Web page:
Tuesday, May 28, 2024
HomeCOVID-19No wonder parents are refusing vaccination for their children

No wonder parents are refusing vaccination for their children


A REPORT in the Evening Standard this week claims that 67million children around the world have not had routine immunisations since 2019, thus missing out on protection against potentially deadly diseases.

Being vaccine injured myself and running the Covid vaccine injury support group UK CV Family has given me a new understanding of why parents may be refusing vaccination for their children. I had all my childhood vaccines and many as an adult, something the UK’s inadequate vaccine damage payment scheme assessors will see when they read my file I submitted a year ago.

The government has a history of treating the vaccine injured poorly, with those damaged by both the swine flu vaccine and the HPV vaccine left without medical, financial and emotional support.

The Standard reports that Catherine Russell, Unicef’s executive director, said: ‘At the height of the pandemic, scientists rapidly developed vaccines that saved countless lives. But despite this historic achievement, fear and disinformation about all types of vaccines circulated as widely as the virus itself.

‘We cannot allow confidence in routine immunisations to become another victim of the pandemic otherwise the next wave of deaths could be of more children with measles, diphtheria or other preventable diseases.’

Surely the best way to reassure parents is to make sure that if someone does suffer an adverse reaction, at the very least they are looked after? Many of the vaccine injured are being left for months without seeing a specialist, there are no special clinics to help us, no research team trying to find out why we have had these reactions.
There are no NICE guidelines so our doctors can tick a box to enable us to be referred to someone who may know how to help us and, worst of all, in many cases, there is no empathy or compassion when we describe how our lives have been turned inside out overnight.
Many have spent all their savings trying to find a consultant that has at least seen vaccine injury before and is kind to them. And forget about trying to keep your job if you are injured: the illness itself sees most of us functioning at less than 40 per cent of our previous lives
Many have been ill now for two years in a never-ending cycle of illness and medical admin.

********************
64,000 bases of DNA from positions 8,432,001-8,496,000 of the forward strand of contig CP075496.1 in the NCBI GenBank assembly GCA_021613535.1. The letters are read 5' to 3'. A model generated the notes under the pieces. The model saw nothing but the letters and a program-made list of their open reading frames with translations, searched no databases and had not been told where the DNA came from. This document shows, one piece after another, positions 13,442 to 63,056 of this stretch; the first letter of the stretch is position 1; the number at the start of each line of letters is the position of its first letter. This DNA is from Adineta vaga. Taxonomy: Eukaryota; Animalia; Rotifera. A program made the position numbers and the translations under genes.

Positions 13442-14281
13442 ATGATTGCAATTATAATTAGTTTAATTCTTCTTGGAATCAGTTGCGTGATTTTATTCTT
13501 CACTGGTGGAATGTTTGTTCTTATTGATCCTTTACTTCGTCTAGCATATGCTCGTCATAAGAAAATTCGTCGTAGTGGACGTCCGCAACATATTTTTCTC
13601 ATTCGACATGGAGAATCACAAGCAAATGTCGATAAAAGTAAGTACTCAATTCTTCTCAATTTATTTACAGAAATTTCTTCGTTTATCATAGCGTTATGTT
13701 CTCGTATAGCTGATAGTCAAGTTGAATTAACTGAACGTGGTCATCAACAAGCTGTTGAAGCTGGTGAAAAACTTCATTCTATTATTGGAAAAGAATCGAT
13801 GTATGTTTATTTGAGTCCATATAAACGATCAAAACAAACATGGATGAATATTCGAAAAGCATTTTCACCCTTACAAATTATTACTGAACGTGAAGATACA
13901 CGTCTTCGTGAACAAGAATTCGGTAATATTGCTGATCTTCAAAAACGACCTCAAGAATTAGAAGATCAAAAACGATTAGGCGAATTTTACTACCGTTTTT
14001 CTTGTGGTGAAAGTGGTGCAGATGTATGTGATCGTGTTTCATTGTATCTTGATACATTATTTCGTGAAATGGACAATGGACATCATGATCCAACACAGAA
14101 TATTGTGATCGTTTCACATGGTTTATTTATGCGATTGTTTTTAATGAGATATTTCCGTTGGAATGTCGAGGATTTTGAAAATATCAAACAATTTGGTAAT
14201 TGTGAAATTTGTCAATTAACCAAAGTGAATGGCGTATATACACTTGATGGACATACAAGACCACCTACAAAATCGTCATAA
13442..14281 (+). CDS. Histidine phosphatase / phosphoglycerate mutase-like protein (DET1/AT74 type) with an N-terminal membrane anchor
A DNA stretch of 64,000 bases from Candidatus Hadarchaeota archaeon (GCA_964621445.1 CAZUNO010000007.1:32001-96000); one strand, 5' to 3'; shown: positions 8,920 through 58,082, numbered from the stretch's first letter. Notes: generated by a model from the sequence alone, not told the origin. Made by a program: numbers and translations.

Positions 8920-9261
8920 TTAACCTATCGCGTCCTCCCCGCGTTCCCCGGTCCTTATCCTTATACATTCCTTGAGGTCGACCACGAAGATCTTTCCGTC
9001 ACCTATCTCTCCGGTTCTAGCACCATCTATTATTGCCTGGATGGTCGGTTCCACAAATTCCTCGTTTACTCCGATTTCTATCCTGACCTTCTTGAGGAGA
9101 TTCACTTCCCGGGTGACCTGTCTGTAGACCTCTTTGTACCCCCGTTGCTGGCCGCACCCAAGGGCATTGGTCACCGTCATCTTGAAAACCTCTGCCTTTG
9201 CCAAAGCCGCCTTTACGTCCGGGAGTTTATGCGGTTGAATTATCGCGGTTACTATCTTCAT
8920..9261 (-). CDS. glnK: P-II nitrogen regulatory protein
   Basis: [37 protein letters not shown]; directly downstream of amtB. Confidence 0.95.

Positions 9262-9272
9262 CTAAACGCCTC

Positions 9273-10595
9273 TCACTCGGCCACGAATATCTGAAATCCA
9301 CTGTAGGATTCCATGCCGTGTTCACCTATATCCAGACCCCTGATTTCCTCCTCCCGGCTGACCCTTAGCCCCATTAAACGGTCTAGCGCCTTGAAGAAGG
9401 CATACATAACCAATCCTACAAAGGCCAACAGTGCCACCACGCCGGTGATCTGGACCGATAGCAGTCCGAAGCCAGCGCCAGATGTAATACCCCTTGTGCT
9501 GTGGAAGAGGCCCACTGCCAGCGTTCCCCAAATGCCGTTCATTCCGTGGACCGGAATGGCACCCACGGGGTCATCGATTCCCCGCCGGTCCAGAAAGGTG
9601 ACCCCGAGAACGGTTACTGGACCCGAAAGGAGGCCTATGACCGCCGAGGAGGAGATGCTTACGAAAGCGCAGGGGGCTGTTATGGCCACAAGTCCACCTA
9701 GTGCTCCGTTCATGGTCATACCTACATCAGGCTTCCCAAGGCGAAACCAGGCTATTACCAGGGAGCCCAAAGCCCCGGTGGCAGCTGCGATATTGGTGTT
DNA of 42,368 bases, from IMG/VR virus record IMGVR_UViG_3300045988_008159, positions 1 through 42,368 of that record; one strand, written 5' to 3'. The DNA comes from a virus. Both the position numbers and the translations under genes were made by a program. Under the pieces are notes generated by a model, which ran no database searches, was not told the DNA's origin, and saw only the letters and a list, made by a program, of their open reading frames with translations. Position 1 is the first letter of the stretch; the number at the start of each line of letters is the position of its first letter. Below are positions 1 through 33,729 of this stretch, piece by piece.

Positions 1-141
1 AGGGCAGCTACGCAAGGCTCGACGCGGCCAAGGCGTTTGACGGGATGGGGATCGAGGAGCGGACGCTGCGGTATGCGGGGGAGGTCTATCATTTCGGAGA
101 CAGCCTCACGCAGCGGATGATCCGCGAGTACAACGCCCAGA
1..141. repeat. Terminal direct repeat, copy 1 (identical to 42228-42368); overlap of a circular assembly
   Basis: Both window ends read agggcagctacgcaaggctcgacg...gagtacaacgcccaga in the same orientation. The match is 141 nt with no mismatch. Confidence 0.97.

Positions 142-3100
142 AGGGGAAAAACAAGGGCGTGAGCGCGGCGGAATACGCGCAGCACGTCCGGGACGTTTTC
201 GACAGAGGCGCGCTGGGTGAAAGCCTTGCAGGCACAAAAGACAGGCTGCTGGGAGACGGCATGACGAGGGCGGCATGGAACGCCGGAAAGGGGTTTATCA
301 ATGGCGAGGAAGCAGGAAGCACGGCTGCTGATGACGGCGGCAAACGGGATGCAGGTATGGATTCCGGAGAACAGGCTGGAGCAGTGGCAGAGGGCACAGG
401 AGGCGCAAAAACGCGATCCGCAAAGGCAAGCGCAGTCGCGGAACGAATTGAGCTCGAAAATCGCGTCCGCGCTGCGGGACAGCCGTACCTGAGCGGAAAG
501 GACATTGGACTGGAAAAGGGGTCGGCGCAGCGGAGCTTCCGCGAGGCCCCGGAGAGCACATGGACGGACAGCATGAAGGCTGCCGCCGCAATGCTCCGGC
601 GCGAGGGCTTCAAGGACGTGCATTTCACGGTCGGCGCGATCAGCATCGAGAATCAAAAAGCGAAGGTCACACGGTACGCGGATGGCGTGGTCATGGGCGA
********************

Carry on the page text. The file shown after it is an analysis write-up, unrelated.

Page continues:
How would you feel if that were your child? Or in the worst case scenario, how would you feel if you had to battle for nearly two years to discover the truth about your husband’s death due to an adverse reaction, as in the case of doctor’s widow Charlotte Wright and her family?

The fights for justice aren’t over yet, with a looming deadline for AstraZeneca to respond to a legal notice served by solicitors representing families harmed by the vaccine.

Just as alarming is the story of Alex Kelly who had to instruct a solicitor as the coroner denied an inquest on her mother even though the cause of  the death was already confirmed to be the vaccine.
Alex is now using her energy to raise funds for the injured and bereaved to pursue legal action.

In my own case, as someone who loved fitness, who had a great career and enjoyed long walks at the weekends, I find it difficult to believe that ‘misinformation’ is the only cause of vaccine hesitancy.
Even though the mainstream media has been reluctant to talk to us, we all have friends, colleagues and family and the more we, and they, speak about our injuries, the more people we find who are also injured. People talk to each other.

Surely the best way to stop vaccine hesitancy is to be honest and to publicise how the country is looking after those who did what they were asked to do but have been harmed? Except they can’t, because no one is looking after the vaccine injured and bereaved except themselves.

The neglectful gaslighting, mistreatment and disregard of the vaccine injured and bereaved will be the biggest contributor to vaccine hesitancy in history.

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Charlet Crichton
Charlet Crichton
Charlet Crichton is vaccine injured and runs UK CV Family, the UK's largest covid vaccine injury support group.

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